Huw Stephens, familiar to listeners to Radio Cymru and Radio Wales presents a multilingual, multicultural Bank Holiday edition of Front Row from Cardiff.
Caryl Lewis is a mighty presence in Welsh literature, author of more than 25 books. Her novel Martha, Jac a Sianco is a modern classic, taught at A Level. She wrote the screenplay for the film – and won 6 Welsh Baftas. She wrote for the television series Y Gwyll - Hinterland in English - inventing Cymru Noir, so noir it was shown on Danish television. She was also the main writer of Hidden, screened in 60 countries. Until now all her work has been in Welsh but she wrote her new novel, Drift, in English. Nefyn lives on the Welsh coast, near a military base. She gathers what the tide carries in and her world changes when she finds Hamza, a Syrian cartographer, washed up. Caryl tells Huw about her modern and ancient story, and why she chose to write it in English.
In 2009 the Atlas of the World's Languages in Danger declared Cornish extinct. But musician Gwenno Saunders was alive then, and she grew up speaking it. Most of the songs on her new album, Tresor, are in Cornish - the others in Welsh. Gwenno explains why, and performs two songs, one in each language.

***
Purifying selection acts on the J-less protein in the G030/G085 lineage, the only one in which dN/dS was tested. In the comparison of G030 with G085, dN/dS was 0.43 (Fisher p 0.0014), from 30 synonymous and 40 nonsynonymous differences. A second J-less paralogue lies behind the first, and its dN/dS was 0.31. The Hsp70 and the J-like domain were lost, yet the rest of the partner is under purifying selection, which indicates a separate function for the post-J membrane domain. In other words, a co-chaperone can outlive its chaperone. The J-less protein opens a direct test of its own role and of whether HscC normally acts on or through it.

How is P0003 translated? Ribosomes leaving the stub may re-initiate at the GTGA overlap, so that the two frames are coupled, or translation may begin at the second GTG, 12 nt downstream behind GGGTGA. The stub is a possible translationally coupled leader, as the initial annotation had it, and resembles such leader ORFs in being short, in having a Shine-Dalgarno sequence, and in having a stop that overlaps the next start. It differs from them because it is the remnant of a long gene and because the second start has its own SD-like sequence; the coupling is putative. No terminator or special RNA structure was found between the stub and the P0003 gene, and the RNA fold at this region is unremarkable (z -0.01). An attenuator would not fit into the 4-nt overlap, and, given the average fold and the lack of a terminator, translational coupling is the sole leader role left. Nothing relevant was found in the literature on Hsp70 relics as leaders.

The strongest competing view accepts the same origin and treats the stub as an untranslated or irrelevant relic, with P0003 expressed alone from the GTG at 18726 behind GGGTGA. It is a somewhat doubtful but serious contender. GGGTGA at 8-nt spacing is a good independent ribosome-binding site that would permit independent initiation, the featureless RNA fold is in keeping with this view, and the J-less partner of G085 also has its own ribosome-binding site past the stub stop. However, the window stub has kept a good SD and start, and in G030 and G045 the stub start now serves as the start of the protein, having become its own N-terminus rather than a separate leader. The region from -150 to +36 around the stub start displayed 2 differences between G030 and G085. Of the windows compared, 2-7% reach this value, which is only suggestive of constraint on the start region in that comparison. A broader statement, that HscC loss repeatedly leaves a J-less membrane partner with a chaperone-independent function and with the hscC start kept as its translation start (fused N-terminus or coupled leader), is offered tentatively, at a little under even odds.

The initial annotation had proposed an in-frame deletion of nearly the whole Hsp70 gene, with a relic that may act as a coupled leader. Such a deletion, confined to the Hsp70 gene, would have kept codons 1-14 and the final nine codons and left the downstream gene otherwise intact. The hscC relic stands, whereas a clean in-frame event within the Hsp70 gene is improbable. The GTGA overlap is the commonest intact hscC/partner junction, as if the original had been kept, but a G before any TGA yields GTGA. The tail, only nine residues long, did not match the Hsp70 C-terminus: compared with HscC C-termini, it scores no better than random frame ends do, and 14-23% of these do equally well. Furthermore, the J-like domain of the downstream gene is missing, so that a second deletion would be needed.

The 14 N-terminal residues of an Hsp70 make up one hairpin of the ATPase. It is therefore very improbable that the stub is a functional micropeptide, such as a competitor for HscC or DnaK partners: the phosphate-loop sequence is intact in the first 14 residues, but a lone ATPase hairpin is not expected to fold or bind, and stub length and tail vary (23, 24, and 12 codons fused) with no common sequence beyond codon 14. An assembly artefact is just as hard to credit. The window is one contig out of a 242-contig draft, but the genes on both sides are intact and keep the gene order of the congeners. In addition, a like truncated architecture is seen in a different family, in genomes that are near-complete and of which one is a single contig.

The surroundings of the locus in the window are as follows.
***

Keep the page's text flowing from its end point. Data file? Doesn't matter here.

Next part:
Choreographers Anthony and Kel Matsena were born in Zimbabwe, in a culture where everyone dances. They moved to Swansea as boys and were nurtured by the people there, and Wales as a whole. They take a break from rehearsing their new work, Shades of Blue, which will premier at Sadler's Wells, to talk about this and Codi, a piece for the National Dance Company Wales that is inspired by Welsh mining communities, and about Brothers in Dance, a BBC documentary film charting their journey.
Presenter: Huw Stephens
Producers: Nicki Paxman and Julian May